By Bullion Shark LLC ……
What Are Silver Dollars Worth?
A common-date Morgan or Peace silver dollar – the most widely collected types of these coins — can be worth anywhere from $25 to $35 in low grade to $50 for a common date in MS60, $125 in MS65 and $700 in MS67, the highest grade for most dates.
Then there are the truly rare silver dollars — those that have sold for the highest amounts ever in auctions or private sales that have realized from several hundred thousand dollars to over $10 million! These sale prices reflect how few examples exist of that issue in that grade, the role of the coin in numismatic history, the coin’s pedigree and other factors. For example, many are the finest known example of a coin that was not supposed to have been made.
There are many other rare silver dollars, but these are the most valuable coins for each main type of silver dollar based on actual sales.
Most Valuable Silver Dollars
1794 Flowing Hair PCGS SP66
The U.S. coin that to date remains the one sold for the highest amount ever is the finest example of a 1794 silver dollar, which is widely viewed as the first silver dollar ever struck by the United States Mint. In January 2013 it brought $10,016,875 USD, and it was recently offered for sale again but failed to meet its reserve price.
1804 Bust Dollar PCGS PR68
Despite the date that appears on the coin, no 1804 dollars were actually struck in 1804. Instead, a very small emission of coins with the 1804 date were struck in 1834 for use as gifts to foreign dignitaries during an overseas State Department diplomatic mission. These are what are known as Class I 1804 dollars. Two additional varieties at a later time, one variety, the Class II, is a unique unauthorized piece that was struck over an 1857 Swiss Shooting Thaler. This coin used to be housed in the Mint Cabinet and is now part of the National Numismatic Collection at the Smithsonian Institution in Washington, DC. The third type, the Class III, was struck “off the books” for collectors in the 1850s. The public sale of an 1804 dollar is always a major event in the hobby, but the most famous of all of them, the finest known Type I, formerly in the possession of the Sultan of Muscat, reached a bid of over $10 million in a May 2016 Stack’s Bowers auction before failing to meet the reserve.
1870-S Seated Liberty PCGS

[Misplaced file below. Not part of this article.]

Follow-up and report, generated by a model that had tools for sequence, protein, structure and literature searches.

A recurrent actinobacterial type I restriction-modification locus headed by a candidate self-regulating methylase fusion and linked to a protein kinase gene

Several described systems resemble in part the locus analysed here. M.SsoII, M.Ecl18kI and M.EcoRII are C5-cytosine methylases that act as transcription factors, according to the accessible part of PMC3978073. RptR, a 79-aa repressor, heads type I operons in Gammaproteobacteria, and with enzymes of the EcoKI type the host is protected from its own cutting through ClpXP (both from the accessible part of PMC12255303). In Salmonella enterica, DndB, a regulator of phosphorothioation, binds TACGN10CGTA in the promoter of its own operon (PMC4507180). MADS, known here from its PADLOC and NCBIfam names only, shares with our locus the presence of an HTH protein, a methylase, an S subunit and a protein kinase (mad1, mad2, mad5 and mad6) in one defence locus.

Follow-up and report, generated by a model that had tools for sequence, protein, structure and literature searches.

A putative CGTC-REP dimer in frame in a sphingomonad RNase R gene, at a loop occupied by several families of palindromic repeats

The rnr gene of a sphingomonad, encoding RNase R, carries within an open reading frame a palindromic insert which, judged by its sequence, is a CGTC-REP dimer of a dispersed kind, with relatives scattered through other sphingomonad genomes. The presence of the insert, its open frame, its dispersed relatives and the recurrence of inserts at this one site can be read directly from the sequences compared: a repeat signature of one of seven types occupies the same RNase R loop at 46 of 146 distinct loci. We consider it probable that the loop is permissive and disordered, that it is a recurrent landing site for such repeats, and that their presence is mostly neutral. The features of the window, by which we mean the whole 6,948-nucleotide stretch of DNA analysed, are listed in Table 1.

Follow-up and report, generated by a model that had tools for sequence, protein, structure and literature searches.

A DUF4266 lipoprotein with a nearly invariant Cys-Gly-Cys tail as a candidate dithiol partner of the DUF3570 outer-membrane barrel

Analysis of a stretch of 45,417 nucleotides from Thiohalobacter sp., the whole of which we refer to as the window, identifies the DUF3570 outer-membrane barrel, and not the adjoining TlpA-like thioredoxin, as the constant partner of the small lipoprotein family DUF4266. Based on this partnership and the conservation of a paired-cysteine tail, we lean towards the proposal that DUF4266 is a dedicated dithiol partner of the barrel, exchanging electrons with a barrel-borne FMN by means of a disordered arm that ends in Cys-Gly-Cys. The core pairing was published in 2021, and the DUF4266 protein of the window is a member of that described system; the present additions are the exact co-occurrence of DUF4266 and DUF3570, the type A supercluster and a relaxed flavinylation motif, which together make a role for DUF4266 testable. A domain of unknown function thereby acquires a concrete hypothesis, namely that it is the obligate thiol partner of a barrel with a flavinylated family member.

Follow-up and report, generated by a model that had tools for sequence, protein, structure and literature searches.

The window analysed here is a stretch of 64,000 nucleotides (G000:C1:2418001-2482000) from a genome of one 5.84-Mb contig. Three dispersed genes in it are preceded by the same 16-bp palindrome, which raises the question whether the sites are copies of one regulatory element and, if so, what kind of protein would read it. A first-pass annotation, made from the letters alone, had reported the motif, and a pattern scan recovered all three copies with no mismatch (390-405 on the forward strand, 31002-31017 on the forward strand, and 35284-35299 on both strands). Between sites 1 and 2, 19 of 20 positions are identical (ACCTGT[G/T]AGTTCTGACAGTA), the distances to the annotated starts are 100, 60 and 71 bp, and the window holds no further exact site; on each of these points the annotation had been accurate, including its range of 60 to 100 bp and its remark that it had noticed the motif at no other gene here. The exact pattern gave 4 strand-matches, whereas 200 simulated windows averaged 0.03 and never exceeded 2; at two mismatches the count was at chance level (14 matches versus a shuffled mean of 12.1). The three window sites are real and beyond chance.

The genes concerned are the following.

No 1870-S dollars were made according to Mint records, but 12 are known to exist, including a Mint State coin graded by PCGS that sold in 2003 for $1,092,500. Experts believe that these coins were either made secretly by Mint employees (like several of the great rarities), or they could have been made for the laying of the cornerstone for the new San Francisco Mint on May 25, 1870.
1885 Trade Dollar NGC PF66
Until 1908 it was believed that no Proof Trade dollars were made after 1883, but in 1908 a group of 1884 and 1885 Proofs were discovered. This coin, which is the finest known example, sold for $3,960,000 in early 2019 and is one of only five examples known to exist. This coin was once part of the famous Louis Eliasberg collection. Since there are no records of how this coin came into existence, it is believed they were made secretly by Mint employees.
1884 Trade Dollar NGC PF66
The second-finest known example of the 10 1884 Trade dollar Proof coins struck, which was also part of the Eliasberg collection, sold in the same auction in 2019 as the 1885 coin, realizing $1,140,000. 264 of the 1884 coins were struck; all were melted except 10 that were legally acquired by a Mint employee.
Morgan Silver Dollars
1889-CC NGC MS68
The scarcest date struck at Carson City, the 1889-CC is truly elusive above MS64 with just one MS65 graded by PCGS and five by NGC. The two finest coins are one MS68 graded by PCGS and one MS67 graded by NGC. The MS68 sold in July 2013 for $881,250. That coin was originally part of the famous Louis Eliasberg collection.
1886-O PCGS MS67+DMPL
Despite having an original mintage of over 10 million, 1886-O has been seen as scarce in Mint State since the 1960s. And the date is also known for very poor strikes and luster. Only three coins have been graded MS65 including one MS65+, and the finest example of this date is the one coin graded PCGS MS67+DMPL that sold last month for $780,000. It previously sold in 1990 for $230,000.
1884-S PCGS MS68
Because most 1884-S dollars were released into circulation, and most of those that remained in government vaults were likely melted under the 1918 Pittman Act. As a result, Mint State coins are scarce, especially coins graded MS65 and above that are truly elusive. NGC has graded just two coins MS65 and one MS67, and PCGS has graded one each at MS65, 67 and 68. The finest known example, the PCGS MS68 once owned by collector Jack Lee and silver dollar expert Wayne Miller, has sold for $750,000.
One other Morgan dollar that has sold for a similar amount is the finest known example of the 1893-S, the lowest mintage coin of the series graded PCGS MS67, which realized $735,000 in 2018.
1922 Matte Finish High Relief Proof PCGS PF67
Two of only five to eight examples known to exist of this coin were sold in a 2014 auction. The higher-grade PF67 coin realized $458,520 when sold by the family of a man to whom the daughter of former Treasury Secretary Raymond T. Baker had given the coin. Baker’s estate had included some trial pieces from this period when the Philadelphia Mint experimented with ways to lower the relief of the Peace dollar that encountered striking problems with the 1921 High Relief coin, but the tiny number of 1922 HR Proofs are not believed to be trial coins but rather may have been made for Chief Engraver George Morgan to sell to collectors.
1927-D PCGS MS66+
One of only five coins examples of the 1927-D Peace dollar graded by PCGS (with another six graded by NGC), this amazing example with full cartwheel luster brought $176,250 in March 2019. Normally, this date comes poorly struck with dull luster.